The Telegraph
Since 1st March, 1999
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Elbow room in economic policy

New Delhi, June 7: The Manmohan Singh government today laid out a policy roadmap which at first glance looks like a carbon copy of the common minimum programme but carries subtle shifts that offer room for manoeuvre.

The government used the President’s customary address to the joint session of Parliament this morning to project a reform-friendly face and allay fears of reckless populism.

It has come as a shot in the arm for finance minister P. Chidambaram, who went to Mumbai and spent two days convincing industry leaders and the capital market about the new government’s commitment to reforms. The government would encourage foreign direct and institutional (stock market) investment, the President said.

The 50-minute policy statement, scripted by the cabinet, began by emphasising that the new government would devise imaginative measures to ensure that macro-economic policies balance the concerns of rapid growth, stability and social equity.

In the common minimum programme (CMP), there is a commitment to step up expenditure in social sectors without identifying the source of money.

“The precise content and phasing of programmes will depend on both the availability of resources and the pace of improvement of the absorptive capacity of various sectors,” the President said, introducing a touch of reality.

Subtle but significant change of emphasis in policies on the public sector, labour law reforms, power reforms and public spending on education appears in the speech.

Reaffirming the commitment to a strong public sector, the policy outline clarifies that its social objectives should be met through commercial functioning. Unlike the CMP, the speech gave no assurance that profit-making public sector units, particularly the so-called navratnas, would be retained in government hands. It merely said profit-making units would be given managerial and commercial autonomy.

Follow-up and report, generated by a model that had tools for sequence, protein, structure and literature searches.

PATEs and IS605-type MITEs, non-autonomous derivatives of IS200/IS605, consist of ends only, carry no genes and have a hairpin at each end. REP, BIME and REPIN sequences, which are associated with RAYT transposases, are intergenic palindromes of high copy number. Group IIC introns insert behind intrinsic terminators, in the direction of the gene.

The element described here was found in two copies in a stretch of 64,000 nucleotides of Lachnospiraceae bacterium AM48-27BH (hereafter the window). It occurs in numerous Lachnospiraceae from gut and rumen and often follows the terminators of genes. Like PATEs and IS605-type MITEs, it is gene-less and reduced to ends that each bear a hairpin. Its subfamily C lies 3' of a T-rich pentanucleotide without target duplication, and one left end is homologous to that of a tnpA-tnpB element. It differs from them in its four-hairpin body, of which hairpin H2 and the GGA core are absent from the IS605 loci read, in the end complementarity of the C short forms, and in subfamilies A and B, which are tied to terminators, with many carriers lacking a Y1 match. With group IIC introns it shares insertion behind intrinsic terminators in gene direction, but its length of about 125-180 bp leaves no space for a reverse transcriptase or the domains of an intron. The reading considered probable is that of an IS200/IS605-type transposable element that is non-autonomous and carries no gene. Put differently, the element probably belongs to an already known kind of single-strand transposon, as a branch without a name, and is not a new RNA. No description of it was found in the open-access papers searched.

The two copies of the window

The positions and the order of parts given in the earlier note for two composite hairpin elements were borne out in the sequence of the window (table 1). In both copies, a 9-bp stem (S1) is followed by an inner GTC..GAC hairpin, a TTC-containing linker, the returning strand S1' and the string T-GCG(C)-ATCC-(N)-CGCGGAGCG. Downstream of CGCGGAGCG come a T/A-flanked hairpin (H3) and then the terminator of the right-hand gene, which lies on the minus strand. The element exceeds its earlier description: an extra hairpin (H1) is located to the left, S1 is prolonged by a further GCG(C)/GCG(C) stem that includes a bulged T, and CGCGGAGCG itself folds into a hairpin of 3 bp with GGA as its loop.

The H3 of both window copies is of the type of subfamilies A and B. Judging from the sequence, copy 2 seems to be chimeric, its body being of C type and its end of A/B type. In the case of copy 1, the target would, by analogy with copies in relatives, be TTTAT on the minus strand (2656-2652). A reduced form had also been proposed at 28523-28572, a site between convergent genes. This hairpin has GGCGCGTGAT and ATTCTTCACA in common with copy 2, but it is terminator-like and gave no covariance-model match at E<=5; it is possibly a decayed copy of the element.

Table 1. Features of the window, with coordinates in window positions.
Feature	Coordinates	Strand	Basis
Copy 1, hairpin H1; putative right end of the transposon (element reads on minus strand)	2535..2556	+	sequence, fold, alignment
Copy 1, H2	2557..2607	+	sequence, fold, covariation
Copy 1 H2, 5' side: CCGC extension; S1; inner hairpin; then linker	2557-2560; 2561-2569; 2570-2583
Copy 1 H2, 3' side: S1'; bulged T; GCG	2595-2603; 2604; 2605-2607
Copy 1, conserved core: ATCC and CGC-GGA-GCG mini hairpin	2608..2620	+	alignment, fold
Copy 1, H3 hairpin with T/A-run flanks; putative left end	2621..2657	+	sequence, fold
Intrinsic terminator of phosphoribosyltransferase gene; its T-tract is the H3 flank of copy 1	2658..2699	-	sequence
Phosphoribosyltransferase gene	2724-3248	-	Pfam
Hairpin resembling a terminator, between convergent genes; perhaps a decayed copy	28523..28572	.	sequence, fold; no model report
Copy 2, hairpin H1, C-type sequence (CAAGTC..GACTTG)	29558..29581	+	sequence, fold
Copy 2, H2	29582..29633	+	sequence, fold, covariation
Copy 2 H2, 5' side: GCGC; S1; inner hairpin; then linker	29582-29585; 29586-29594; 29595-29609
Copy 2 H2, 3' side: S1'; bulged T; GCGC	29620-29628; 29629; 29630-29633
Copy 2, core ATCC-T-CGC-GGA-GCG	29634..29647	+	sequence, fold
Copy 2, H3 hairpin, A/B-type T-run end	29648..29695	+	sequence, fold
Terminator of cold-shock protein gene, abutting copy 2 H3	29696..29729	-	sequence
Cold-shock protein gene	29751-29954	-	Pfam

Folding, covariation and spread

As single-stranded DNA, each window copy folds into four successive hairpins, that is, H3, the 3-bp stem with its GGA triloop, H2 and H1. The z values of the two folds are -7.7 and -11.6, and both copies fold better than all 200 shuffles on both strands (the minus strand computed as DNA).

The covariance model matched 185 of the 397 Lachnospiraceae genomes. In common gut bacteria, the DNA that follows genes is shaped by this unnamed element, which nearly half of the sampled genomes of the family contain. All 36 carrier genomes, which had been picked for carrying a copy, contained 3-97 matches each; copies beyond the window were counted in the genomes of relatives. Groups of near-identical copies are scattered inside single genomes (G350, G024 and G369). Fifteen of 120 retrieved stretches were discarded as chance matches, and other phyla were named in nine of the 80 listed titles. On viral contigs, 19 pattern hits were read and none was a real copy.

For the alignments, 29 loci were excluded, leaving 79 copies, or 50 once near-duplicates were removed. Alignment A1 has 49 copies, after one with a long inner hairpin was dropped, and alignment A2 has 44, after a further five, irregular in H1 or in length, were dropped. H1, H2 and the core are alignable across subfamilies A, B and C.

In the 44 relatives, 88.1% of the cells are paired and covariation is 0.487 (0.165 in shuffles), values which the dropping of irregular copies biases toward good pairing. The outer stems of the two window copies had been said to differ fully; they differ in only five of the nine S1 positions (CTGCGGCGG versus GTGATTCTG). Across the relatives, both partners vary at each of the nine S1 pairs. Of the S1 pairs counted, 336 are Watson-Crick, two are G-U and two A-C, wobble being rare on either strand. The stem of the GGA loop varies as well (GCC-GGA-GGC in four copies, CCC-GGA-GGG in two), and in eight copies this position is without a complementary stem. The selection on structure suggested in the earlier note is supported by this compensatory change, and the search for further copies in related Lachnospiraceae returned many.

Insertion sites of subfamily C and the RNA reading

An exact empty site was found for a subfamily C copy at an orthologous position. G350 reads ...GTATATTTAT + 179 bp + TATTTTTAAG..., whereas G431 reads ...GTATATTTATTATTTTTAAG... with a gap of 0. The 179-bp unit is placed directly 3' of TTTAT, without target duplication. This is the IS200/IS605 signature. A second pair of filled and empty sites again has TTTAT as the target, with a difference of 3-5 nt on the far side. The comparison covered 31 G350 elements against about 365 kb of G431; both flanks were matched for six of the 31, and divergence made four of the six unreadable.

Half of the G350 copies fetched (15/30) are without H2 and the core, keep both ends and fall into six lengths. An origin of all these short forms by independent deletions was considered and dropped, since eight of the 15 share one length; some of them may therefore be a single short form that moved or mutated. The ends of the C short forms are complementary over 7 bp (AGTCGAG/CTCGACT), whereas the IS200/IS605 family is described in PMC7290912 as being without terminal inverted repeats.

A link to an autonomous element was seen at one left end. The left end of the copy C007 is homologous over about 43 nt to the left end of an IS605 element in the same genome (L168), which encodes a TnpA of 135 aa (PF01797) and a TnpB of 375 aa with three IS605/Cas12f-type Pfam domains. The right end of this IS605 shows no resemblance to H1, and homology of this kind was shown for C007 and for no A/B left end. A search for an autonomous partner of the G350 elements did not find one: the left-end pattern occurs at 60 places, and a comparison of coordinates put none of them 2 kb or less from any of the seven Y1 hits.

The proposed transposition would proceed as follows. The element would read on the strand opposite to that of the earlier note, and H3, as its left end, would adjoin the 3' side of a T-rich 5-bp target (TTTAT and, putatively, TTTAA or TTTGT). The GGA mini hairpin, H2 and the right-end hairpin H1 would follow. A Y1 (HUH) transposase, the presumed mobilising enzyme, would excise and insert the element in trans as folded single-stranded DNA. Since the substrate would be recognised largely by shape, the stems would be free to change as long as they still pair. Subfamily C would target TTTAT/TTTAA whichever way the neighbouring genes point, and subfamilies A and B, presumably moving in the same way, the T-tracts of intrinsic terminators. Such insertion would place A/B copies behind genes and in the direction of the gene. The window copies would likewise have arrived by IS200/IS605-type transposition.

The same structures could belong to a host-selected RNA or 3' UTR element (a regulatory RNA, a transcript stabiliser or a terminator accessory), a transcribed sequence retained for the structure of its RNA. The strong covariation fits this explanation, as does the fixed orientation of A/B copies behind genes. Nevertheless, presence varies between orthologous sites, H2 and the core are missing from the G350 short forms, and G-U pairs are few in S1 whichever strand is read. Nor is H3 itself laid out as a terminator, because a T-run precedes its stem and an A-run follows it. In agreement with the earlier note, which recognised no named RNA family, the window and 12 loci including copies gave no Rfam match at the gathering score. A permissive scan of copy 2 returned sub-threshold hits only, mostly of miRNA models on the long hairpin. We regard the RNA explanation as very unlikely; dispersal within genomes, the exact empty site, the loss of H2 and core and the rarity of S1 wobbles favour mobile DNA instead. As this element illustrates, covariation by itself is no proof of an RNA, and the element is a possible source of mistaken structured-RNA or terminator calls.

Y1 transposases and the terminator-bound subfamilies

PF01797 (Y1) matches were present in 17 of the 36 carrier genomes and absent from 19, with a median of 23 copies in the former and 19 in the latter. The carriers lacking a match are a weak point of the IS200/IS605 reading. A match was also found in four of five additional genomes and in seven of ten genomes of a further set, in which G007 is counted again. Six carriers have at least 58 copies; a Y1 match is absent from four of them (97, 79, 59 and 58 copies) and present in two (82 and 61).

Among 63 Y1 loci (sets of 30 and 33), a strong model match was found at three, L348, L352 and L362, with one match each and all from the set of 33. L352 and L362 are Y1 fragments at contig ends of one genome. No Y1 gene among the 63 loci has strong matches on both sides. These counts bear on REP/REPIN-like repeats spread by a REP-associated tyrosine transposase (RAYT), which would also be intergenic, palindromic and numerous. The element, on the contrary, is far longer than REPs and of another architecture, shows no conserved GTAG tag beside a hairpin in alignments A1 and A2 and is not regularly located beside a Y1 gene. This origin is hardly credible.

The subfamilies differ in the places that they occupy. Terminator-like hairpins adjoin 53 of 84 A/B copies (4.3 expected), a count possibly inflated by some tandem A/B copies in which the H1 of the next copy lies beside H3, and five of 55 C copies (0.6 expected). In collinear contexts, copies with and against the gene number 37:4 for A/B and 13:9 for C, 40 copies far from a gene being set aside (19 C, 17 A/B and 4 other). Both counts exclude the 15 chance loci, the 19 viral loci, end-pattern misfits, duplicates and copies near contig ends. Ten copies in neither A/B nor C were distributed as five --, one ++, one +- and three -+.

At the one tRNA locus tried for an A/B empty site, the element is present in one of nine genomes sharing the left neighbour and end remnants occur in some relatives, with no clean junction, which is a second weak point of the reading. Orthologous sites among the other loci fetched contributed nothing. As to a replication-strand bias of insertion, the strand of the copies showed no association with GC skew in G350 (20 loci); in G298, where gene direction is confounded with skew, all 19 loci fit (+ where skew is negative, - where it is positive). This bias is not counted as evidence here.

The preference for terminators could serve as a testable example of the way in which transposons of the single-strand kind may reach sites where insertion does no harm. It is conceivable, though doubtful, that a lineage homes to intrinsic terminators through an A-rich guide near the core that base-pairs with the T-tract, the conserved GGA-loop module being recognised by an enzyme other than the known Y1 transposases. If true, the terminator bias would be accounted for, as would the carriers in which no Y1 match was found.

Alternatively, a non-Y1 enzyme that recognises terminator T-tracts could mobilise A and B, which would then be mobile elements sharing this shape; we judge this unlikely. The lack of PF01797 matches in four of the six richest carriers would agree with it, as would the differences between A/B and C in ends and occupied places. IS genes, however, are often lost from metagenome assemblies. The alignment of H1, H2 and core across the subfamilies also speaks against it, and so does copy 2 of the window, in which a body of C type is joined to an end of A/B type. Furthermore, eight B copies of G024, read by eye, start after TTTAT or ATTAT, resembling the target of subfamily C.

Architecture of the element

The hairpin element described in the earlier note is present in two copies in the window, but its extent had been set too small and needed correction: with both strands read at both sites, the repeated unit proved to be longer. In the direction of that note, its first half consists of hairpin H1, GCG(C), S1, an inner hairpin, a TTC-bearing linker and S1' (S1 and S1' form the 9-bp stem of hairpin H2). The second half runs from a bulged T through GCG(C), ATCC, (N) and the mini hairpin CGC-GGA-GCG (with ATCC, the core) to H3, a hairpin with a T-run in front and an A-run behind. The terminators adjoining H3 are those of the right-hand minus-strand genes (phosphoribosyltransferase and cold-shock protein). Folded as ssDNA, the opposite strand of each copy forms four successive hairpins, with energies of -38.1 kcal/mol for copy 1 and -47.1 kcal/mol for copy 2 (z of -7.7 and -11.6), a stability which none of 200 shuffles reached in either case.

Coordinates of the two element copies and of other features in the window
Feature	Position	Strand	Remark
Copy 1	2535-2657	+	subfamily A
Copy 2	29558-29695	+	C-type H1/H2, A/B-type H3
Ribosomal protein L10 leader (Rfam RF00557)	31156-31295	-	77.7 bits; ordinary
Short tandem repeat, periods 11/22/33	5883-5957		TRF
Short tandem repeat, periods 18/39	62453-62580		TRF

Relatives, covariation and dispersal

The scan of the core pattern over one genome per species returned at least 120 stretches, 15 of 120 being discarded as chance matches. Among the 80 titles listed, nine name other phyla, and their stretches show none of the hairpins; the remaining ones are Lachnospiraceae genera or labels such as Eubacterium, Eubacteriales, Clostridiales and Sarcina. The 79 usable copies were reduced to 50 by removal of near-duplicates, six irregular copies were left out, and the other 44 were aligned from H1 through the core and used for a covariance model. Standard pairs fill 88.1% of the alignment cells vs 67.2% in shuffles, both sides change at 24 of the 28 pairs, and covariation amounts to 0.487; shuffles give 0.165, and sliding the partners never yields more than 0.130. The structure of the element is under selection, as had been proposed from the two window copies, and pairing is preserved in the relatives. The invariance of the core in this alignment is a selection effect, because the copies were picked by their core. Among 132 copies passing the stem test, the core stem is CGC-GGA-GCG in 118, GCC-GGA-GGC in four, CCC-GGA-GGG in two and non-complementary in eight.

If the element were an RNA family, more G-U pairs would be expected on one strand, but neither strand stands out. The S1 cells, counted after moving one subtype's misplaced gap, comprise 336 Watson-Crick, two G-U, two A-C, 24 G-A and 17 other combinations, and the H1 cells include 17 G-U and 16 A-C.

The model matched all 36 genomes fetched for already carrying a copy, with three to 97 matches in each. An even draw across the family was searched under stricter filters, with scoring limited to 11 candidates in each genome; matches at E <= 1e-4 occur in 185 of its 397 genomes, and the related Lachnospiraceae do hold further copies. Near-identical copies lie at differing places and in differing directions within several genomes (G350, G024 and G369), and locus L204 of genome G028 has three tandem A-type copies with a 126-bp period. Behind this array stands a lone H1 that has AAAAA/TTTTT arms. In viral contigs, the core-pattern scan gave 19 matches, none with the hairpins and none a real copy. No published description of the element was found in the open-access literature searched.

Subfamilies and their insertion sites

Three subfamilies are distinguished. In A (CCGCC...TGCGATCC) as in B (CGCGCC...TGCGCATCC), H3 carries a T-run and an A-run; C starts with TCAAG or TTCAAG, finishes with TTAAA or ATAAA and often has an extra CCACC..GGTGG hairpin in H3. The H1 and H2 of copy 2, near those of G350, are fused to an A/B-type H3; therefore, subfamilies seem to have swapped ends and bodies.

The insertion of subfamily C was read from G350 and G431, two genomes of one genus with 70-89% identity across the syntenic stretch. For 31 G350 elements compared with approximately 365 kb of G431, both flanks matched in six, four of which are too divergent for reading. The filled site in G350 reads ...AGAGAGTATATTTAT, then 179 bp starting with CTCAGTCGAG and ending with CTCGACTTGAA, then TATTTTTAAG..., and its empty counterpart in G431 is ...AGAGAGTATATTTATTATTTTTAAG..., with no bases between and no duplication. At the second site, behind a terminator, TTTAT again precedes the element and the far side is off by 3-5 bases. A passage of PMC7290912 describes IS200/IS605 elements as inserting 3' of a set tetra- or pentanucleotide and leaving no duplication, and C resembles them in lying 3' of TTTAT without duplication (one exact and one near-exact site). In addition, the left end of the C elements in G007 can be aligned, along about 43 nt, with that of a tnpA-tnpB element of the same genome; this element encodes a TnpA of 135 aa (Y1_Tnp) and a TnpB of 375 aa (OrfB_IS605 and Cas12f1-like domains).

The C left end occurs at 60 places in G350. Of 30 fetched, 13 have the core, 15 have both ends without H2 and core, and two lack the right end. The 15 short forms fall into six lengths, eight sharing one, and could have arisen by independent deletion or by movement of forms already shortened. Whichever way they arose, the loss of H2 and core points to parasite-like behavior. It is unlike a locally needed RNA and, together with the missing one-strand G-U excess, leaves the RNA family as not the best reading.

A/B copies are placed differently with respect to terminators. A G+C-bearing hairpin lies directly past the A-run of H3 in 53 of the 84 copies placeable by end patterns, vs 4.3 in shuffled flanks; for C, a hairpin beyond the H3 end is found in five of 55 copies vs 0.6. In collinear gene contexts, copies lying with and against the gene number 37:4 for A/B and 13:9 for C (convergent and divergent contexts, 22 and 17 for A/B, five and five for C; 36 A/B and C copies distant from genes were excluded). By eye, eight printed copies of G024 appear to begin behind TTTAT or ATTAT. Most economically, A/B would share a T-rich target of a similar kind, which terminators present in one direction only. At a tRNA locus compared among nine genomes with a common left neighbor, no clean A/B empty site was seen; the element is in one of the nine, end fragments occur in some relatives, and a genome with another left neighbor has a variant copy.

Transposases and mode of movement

But “privatisation will be considered on a case-by-case basis. Privatisation should increase competition and the revenues generated through privatisation would be used for designated social sector schemes”.

“Some changes are needed in labour laws so that the manufacturing sector grows rapidly with concomitant expansion of employment opportunities,” the speech said, again digressing from the CMP. At the same time, it added that interests of workers would be protected in labour law changes that could be considered after dialogue with trade unions and industry.

The President did not mention the CMP’s commitment to review the Electricity Act, 2003. His emphasis was on ensuring reliable supply while he tied the government to a pledge to raise public investment in power and to encourage private participation in generation and distribution.

In a moderation of the CMP promise, today’s statement said the government would “aim at increasing public spending on education so as to ultimately reach at least 6 per cent of GDP”. The word “ultimately” is the addition to what is in the CPM, making the statement open-ended in terms of the deadline by when this is to be achieved.

In all other respects, the President’s speech was an iteration of the CMP.

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